corkyii:

luckynugget said: Doesn’t ham mean cute? Or am I way off?

It means someone who LOVES attention and loves performing for attention

and I’ve seen a lot of people describe the whales like that and maybe they think it means cute too but it doesn’t and it makes my stomach kind of turn

Ooooh. Thanks for the clarification :) I always thought it just meant cute and used it as such. Oops.

lusitanoqueen asked: you should ask an "educator" why the whales arent given live fish. i'm actually genuinely curious. although they may not know

derangedhyena-delphinidae:

cetuscetus:

corkyii:

freedomforwhales:

stumpytheorca:

b3n3aththesurfac3:

I’ll try my best! :)

They have answered this one before and I remember crying with laughter/generally shocked as part of the reply included ‘its not fair to the fish’
X

"How dare you put living fish in these tanks against their will where they have no escape from the orcas!" The trainer says as orcas who were put in tanks against their will where they have no escape from humans swim their laps around the pool.

I always assumed they said its cruel for the fish because of the chlorine?? Like they’d die anyway or can fish live in chlorine??

That’s always what I thought but I’m probably wrong?

I think it’s literally just an ethical thing, for the same reason (I believe) you can’t buy live mice from a pet shop if you intend on feeding them to a snake.

Money probably plays an issue too, as I would imagine it would be more costly to ship and store live fish than frozen ones.

You can buy live mice (and fish) for feeding though… (in the US, I believe it’s banned in the UK?)

Don’t you think they could/should bring fish in at least occasionally, as a treat/something different? Regardless of the cost? That’s the most natural sort of stimulation they could possibly provide the whales, and they just… don’t. :(

(The ethics argument prior posited by that trainer on that video sort of blows my mind.) 

Oh definitely I’d like to see them use live fish. I wasn’t trying to defend it just suggest reasons why it is how it is.

lusitanoqueen asked: you should ask an "educator" why the whales arent given live fish. i'm actually genuinely curious. although they may not know

corkyii:

freedomforwhales:

stumpytheorca:

b3n3aththesurfac3:

I’ll try my best! :)

They have answered this one before and I remember crying with laughter/generally shocked as part of the reply included ‘its not fair to the fish’
X

"How dare you put living fish in these tanks against their will where they have no escape from the orcas!" The trainer says as orcas who were put in tanks against their will where they have no escape from humans swim their laps around the pool.

I always assumed they said its cruel for the fish because of the chlorine?? Like they’d die anyway or can fish live in chlorine??

That’s always what I thought but I’m probably wrong?

I think it’s literally just an ethical thing, for the same reason (I believe) you can’t buy live mice from a pet shop if you intend on feeding them to a snake.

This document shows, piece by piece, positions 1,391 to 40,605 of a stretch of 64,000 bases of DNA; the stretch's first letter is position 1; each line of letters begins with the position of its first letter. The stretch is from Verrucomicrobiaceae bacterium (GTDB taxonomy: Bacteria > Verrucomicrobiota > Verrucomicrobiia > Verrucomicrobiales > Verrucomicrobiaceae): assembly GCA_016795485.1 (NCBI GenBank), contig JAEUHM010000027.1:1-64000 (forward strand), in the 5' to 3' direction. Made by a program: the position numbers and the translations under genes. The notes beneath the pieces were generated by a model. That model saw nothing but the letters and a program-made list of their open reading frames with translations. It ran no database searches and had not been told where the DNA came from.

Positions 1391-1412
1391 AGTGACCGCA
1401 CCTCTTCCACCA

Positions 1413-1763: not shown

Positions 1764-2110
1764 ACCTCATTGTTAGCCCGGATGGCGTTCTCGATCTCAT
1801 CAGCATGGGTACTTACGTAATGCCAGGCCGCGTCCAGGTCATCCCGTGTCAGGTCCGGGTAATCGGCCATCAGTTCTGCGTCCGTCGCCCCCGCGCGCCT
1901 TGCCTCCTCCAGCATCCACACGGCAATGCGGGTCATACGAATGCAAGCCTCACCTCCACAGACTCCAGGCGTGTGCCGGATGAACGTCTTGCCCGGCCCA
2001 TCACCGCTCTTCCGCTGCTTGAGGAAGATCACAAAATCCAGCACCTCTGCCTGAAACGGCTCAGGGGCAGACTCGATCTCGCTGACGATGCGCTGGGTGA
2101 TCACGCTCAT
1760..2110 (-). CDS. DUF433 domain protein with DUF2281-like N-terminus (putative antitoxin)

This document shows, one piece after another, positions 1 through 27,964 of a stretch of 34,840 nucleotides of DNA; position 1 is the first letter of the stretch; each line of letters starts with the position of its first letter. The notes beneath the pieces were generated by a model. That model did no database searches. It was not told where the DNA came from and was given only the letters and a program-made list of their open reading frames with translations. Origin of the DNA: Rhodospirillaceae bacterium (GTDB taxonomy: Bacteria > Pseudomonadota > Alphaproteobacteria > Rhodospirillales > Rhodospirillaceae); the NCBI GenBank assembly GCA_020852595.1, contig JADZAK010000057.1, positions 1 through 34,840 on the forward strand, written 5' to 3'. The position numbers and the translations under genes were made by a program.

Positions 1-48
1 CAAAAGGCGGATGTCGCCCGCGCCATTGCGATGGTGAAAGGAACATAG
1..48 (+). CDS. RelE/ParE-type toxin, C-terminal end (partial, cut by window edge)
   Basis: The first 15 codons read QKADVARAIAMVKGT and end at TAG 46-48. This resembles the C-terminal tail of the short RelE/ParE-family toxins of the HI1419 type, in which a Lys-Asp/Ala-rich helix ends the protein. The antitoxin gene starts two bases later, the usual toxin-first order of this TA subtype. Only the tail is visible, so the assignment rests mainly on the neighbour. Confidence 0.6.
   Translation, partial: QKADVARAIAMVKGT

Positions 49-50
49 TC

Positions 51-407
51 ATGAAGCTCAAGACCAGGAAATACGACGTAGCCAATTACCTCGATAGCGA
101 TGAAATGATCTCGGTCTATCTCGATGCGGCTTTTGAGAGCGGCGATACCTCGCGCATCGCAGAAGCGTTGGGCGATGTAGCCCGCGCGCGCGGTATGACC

Money probably plays an issue too, as I would imagine it would be more costly to ship and store live fish than frozen ones.

scottish-orca:

Scottish- Orca
Northern Isles Pod, In scottish stormy seas.
X

tagged → #orca

tokitaee:

coffeeandkudzu:

freethecetaceans:

orcadiva:

fake-zolology:

Despite numerous attempts with animals ranging from great apes to poodles, there has only ever been one animal truly taught to read. He was a performing orca named Hyak who lived at the Vancouver Aquarium for nearly 20 years. His lessons in reading comprehension started off as an accident. Dirk McKimmel, the senior trainer at the aquarium, found that the whale would often stop by the underwater viewing window that led into his office as he sat reading. He began to show the maturing 5,000 lb animal the pictures in his books and was quite startled by how interested he seemed to be. Thinking the whale simply enjoyed the novel visual stimulation, he soon took the books up to the pool ledge and began reading out loud as he showed the whale the pictures. This continued for about ten years but no one thought Hyak had any actual comprehension of the book he was being read. 

One day in 1980, a new cetologist at the aquarium began to question what was really going on in these sessions. In a highly controlled study, he began to ask the whale questions about the books. 

On that fateful day, the first thing we did was take Hyak to the smaller side pool in his aquarium, away from his tank mates. He was used to this as we often moved him in order to perform our behavioral experiments, however this time instead of asking him if an image on a screen was round or square as per usual, we asked him if Harold had indeed drawn the moon with his purple crayon. To our great surprise, Hyak distinctly nodded “yes.” We continued on with these studies for several weeks and found that Hyak answered our questions with a 96% accuracy rate on numerous different books McKimmel had been reading him. I decided to take it a step farther, holding books up to Hyak’s window without reading aloud to him. At first it felt a bit silly but soon I noticed when he wanted the page flipped, he would look up and meet my gaze, as though impatient with me. The very next week we attempted to test Hyak’s reading comprehension on this new book he had been reading and discovered he could answer every question about “the Emperor’s New Clothes” perfectly. 

[My Life with Whales- Nicholas Willens, 1995]